November 27, 2010

Pulling a mall-nighter

So, what's the big deal? That's exactly what Maine's Black Friday shoppers were asking -- and hunting for -- as they flocked to local retailers.

By J. Hemmerdinger jhemmerdinger@pressherald.com
Staff Writer

SOUTH PORTLAND - The sleet began at 3:30 a.m. Friday, falling on thousands of shoppers who waited outside stores for the first crack at Black Friday discounts.

click image to enlarge

Christina Reali, right, of Old Orchard Beach makes her way to the checkout line with her aunt, Marianne Reali, during their Black Friday shopping trip to Target in South Portland.

Derek Davis/Staff Photographer

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Despite chilly weather, many shoppers queued up and enjoyed an impromptu camaraderie with their Black Friday brethren.

Derek Davis/Staff Photographer

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"My toes are frozen," said Sandy Grondin, 65, of Yarmouth, in the parking lot of the Target store in South Portland before dawn Friday. She spent all night outside the store to get a good deal on a flat-screen television.

Grondin, cold and weary, with one arm in a sling, was the first customer in a line that stretched three-quarters of the way around the store. She arrived at Target at 7:30 p.m. Thursday.

When the doors flung open at 4 a.m. Friday, Grondin was first in. She was also first out, emerging 10 minutes later with a 40-inch TV that she bought for less than $300, hundreds off the regular price.

Many shoppers said deep discounts drew them to such extremes. Others said they came for the excitement and camaraderie.

"We've made all kinds of friends," said Chris Sargent of Portland, who waited in line at Target all night and turned 37 on Friday. During the night, he said, the crowd sang "Happy Birthday" to him.

"It's cold, but fun," he said. "You sit around and laugh -- let the time go by."

"It brings out the Christmas spirit with all the people here. We laughed the whole night through," said Heidi Payne, 46, who drove more than an hour from her home in Hiram to shop with her family.

Payne, who waited outside Target for more than six hours, said her day had just started. After Target, she planned to hit Macy's, Jo-Ann Fabrics and Crafts, Bed Bath & Beyond, Michael's, and Bath & Body Works.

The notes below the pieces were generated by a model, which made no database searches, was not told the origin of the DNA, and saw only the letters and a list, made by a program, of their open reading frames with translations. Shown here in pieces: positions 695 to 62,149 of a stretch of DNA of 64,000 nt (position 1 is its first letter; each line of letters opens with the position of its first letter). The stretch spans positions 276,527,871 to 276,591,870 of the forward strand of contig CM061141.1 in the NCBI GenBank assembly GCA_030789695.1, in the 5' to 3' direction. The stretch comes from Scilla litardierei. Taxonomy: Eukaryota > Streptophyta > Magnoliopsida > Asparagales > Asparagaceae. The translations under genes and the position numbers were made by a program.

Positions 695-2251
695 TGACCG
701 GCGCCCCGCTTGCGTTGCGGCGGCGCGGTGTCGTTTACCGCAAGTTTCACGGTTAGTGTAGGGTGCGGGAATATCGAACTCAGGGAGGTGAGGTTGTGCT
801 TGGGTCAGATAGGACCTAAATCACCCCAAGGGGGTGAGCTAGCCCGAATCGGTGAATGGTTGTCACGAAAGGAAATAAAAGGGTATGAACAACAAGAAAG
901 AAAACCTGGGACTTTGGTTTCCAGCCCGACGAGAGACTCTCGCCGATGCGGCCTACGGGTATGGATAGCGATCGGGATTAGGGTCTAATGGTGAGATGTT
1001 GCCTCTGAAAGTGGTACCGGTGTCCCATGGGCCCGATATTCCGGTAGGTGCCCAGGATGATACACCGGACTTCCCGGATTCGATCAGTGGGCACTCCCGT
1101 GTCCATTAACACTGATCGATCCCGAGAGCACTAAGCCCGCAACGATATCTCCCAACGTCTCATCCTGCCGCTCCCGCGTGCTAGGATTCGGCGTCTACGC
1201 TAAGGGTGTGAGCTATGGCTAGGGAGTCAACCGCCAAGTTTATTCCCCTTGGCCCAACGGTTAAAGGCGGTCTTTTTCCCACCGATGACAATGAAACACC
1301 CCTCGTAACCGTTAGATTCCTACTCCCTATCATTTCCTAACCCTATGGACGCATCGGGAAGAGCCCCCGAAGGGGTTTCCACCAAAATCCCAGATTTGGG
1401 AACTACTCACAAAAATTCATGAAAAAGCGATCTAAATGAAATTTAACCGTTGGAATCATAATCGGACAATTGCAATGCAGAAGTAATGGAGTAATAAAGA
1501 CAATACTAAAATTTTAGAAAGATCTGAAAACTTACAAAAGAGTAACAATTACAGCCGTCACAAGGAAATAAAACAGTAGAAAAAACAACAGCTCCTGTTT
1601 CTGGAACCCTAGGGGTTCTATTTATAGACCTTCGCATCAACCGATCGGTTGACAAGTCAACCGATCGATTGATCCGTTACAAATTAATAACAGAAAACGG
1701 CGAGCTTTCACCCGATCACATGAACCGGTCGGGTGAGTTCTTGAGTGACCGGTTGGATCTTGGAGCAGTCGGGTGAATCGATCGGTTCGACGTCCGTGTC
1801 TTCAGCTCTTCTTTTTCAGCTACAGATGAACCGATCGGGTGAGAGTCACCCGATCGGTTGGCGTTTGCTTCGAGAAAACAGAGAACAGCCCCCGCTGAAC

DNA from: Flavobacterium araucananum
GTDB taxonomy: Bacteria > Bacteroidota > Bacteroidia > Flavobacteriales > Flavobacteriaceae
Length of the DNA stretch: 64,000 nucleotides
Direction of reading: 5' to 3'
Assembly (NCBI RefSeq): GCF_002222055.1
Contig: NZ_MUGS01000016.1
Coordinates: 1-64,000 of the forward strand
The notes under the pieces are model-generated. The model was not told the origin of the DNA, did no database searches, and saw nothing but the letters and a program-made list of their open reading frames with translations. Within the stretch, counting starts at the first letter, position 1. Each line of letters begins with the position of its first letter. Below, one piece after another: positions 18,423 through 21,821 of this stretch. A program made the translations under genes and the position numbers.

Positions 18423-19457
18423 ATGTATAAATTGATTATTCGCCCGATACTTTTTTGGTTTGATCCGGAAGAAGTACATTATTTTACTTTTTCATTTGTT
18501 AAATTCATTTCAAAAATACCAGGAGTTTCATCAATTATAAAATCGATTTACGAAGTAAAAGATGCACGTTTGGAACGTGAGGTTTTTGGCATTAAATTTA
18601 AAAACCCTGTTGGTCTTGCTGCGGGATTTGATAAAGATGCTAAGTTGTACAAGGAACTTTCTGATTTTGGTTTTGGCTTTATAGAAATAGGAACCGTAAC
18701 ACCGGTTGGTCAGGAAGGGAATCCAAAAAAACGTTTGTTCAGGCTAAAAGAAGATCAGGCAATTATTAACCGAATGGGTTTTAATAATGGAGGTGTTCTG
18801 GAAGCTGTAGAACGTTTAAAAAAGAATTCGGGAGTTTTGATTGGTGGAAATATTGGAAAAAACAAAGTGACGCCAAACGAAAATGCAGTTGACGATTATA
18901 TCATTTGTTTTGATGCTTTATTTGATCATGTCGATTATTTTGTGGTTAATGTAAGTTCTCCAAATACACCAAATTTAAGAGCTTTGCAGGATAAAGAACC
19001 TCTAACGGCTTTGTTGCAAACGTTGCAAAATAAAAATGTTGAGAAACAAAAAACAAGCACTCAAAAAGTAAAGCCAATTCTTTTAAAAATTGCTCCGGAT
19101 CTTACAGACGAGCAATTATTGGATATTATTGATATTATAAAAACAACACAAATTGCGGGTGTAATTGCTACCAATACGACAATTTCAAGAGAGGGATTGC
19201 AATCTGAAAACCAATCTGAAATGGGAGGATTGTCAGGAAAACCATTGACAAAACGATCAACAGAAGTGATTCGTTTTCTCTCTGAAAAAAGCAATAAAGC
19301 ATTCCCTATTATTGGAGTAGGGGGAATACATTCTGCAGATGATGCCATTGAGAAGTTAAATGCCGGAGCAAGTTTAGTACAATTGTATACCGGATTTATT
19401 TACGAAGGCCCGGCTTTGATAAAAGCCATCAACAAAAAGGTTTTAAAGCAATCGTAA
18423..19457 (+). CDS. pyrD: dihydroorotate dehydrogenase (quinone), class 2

Payne didn't expect to be home until 1 a.m. Saturday.

"We shop 'til we drop," she said, adding that all her gifts will be wrapped and under the tree by next weekend.

Shoppers described a long, chilly night.

"I'm a little cold. I'm ready to get in," Debra Whitaker said Friday morning.

Whitaker, 55, of Westbrook, had been waiting outside Target since 9 p.m. Thursday. She said she camps out at a different store every Black Friday.

Ashley Rowe, 25, of South Portland was the third person in the line at Target. For most of the night, shoppers sat in folding chairs, she said. But around 3:30 a.m., the crowd started pushing toward the doors.

During the night, some shoppers went on supply runs, bringing back hot drinks and food. A local Chinese restaurant sold $3 egg rolls out of a car. Starbucks, just across the Target lot, was closed.

"Starbucks would have made half a million dollars if they were open," said Sargent.

Shoppers helped each other during the night.

Grondin, for instance, said others held her place in line while she warmed up in the car. Someone even brought her hot chocolate.

"They wouldn't take money," she said. "I didn't want any special favors."

There were odd moments in the wee hours. At one point, a car showed up. Four guys got out and started giving shoppers small pumpkins.

"They just handed us pumpkins," said Sargent. "I don't know (why)."

When Target's doors finally opened, the relieved crowd shuffled calmly inside. Some shoppers beelined for the bathroom.

"Single file. Single file," said an employee.

"Walk faster," someone yelled.

It took 25 minutes for everyone to get out of the cold.

The hottest items at Target were discounted televisions, which were stacked along the main aisle and sold out in minutes.

Marianne Reali, 62, of Old Orchard Beach said her daughter "cased the joint" a few days earlier, noting the location of the TVs. When they got inside Friday, Reali grabbed a cart while her daughter rushed to claim a 40-inch flat-screen.

All that was left was a 46-inch set, which Reali bought for $450.

There was a smaller line Friday morning at Best Buy at the Maine Mall. Because Best Buy opened at 5 a.m., several hundred shoppers endured an extra hour in the elements. "I am all about getting in the door and getting home," said Venu Chaganti, 33, of Scarborough, who was at the front of the line. He was shopping for a $187 Toshiba laptop computer and had been waiting outside with about 20 friends since 3 p.m. Thursday.

Even restaurants in the area got in the Black Friday spirit. McDonald's opened at 4 a.m., an hour earlier than normal. And the Tim Hortons on Maine Mall Road was packed with customers at 3:30 a.m.

Adam Howard, a South Portland patrolman who was stationed at Target on Friday morning, said there were no problems to report. In the past, he had seen pushing and fighting on Black Friday.

A few years ago, when the mall opened at midnight, some shoppers came straight from the bars and caused trouble, said Howard. And he remembers that shoppers were particularly aggressive in 1996.

Why? That was when the Tickle Me Elmo toy was released.

Staff Writer Jonathan Hemmerdinger can be reached at 791-6316 or at:

jhemmerdinger@mainetoday.com

 

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Additional Photos

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Sarah Gillis of Dartmouth, Nova Scotia, waits in line at Target in South Portland with a V Rocker Extreme gaming chair, one of the “hot” items at the store Friday.

Derek Davis/Staff Photographer

  


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